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In Touch by Tony O'Connor

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In Touch
This was - and still is - a very special album for me. Originally planned to be exactly 60 beats per minute throughout, I discovered a deep, nurturing calm coming into the music while writing the pieces. The music seemed to write itself.

I have been told by many listeners that In Touch has helped them in a time of grieving for a lost one, so perhaps there was indeed a special message inside the melodies. Whatever it is, this album still takes me to a very quiet, comforting place.

1. Beginnings
2. Images
3. Diana
4. Waterfalls
5. Tomorrow

In Touch
Studio Horizon (1989)
Review : Wind and Wire

Using his trademark blend of flutes, piano, and a assortment of keyboards, Australian Tony O'Connor has produced another recording of soothing yet musically accomplished selections. This continues his unbroken string of wonderful and relaxing CDs which stretches back more than a few years. Tony is a consummate professional when it comes to albums that embody a serene and classically romantic melodic sensibility without ever sinking into the morass of disposable pop or new age noodling. In Touch is suffused with a gentle calm and a sense of acceptance (which is emphasized by the liner notes). The music is never soporific or boring yet the drama is subdued enough that this could be either enjoyed as background or as foreground listening. The exception is the final cut which is quite dramatic, closing the album on a rather affirming note.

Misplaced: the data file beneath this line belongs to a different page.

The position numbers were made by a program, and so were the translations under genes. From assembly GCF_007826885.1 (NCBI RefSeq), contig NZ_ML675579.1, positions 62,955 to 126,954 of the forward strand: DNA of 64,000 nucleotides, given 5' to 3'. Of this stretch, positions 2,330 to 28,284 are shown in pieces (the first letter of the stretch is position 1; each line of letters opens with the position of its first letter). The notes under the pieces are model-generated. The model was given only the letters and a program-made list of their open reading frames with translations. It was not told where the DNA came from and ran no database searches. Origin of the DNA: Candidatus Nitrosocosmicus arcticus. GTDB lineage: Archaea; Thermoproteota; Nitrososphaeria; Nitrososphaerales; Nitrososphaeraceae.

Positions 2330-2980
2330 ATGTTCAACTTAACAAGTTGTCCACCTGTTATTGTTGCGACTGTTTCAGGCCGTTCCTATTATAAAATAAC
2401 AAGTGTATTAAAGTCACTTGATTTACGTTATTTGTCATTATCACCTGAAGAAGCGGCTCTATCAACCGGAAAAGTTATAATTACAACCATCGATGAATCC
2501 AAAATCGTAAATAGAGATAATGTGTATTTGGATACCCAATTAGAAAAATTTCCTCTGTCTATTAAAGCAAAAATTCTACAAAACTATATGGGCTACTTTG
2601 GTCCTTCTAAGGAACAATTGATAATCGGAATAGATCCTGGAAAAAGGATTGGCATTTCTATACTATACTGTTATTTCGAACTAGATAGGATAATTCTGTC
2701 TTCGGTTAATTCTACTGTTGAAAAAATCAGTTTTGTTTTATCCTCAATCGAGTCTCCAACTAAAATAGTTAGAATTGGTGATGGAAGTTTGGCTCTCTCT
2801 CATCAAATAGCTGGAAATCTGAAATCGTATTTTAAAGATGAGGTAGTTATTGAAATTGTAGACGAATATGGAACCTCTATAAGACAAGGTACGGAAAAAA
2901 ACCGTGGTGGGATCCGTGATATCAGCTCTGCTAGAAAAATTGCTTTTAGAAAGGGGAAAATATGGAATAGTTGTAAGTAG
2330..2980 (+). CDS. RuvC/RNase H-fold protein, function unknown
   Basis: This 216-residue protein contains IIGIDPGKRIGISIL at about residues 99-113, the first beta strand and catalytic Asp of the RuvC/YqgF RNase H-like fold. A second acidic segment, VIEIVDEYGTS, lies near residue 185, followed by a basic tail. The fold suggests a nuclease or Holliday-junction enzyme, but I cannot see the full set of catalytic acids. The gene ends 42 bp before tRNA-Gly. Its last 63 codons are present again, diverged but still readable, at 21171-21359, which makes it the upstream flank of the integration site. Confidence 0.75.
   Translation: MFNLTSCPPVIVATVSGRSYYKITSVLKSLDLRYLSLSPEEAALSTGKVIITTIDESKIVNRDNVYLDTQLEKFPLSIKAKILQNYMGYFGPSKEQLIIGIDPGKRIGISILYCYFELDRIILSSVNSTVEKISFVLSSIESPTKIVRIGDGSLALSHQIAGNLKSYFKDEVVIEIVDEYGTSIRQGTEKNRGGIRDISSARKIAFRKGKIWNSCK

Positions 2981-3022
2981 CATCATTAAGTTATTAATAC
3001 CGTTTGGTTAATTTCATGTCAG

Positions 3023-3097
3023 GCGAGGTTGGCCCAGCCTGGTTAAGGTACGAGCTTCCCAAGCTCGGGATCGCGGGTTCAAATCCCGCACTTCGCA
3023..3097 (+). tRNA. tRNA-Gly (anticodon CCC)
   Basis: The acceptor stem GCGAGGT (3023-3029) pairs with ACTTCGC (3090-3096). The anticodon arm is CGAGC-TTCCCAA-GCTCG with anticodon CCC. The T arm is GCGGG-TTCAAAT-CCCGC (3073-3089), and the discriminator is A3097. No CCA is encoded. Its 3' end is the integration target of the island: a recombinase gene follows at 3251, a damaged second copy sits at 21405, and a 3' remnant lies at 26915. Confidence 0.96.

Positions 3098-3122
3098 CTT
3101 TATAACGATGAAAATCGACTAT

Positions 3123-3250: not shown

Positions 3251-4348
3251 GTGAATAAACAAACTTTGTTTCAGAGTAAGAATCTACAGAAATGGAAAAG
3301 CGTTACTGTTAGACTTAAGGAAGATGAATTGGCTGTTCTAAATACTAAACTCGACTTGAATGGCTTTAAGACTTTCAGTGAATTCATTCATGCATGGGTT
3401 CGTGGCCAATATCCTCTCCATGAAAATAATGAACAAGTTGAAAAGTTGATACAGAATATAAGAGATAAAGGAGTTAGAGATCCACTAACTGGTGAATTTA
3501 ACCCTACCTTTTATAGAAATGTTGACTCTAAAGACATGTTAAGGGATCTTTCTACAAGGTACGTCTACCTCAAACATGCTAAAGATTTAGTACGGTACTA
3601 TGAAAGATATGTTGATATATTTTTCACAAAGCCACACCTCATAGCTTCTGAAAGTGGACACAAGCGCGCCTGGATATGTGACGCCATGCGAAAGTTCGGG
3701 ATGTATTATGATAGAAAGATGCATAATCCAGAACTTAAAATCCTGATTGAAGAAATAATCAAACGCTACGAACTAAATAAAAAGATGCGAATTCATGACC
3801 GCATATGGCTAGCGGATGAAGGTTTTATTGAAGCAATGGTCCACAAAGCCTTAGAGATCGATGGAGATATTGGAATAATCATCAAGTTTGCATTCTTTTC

There are only five cuts on the CD so each song has the time to develop over a longer period than is usual. The opener, "In Touch," features pan flute, piano, and lush synthesizers, all of which combine to paint a romantic soundscape of longing and regret. "Images," the next song, is another somber number, but a little more uptempo, and it uses a synth trumpet to wonderful effect - haunting and wistful - later joined by a synth soprano/tenor (can't tell which) sax. A reverbed synth bass line comes and goes, along with an undercurrent of washes as well that somber yet beautiful pan flute sound. "Diana" is a piano-based number which is overtly romantic, comparing favorably to standard-bearers like Lanz, Ciani, and Spielberg. The synth strings here may be over the top to some, but I have always admired Tony's sense of balance and this song is no different. As a romantic love song, it's great. Closing out the album are the quietly uplifting "Waterfalls" (another song anchored by piano and fleshed out with synth strings and sparse pan flute) and "Tomorrow," the thirteen-minute album closer, which signals a hopefulness and optimism with its more triumphant refrain and overall positive feel as it swells to its dramatic conclusion, aided by muted but still full-sounding drums.

In Touch is a solid CD from an artist who consistently proven that he can deliver the goods when it comes to romantic and melodic adult contemporary instrumental music - whether of the more relaxation variety or a more varied collection of moods and textures (such as this one). For fans of the early "glory" days of new age music (Narada, Private Music, Windham Hill), Tony is a reminder that not everyone has abandoned the quest for making music that can story the soul and renew the heart. Amen to that - amen to that!

All Music, Images and Text Copyright 1990-2008 Studio Horizon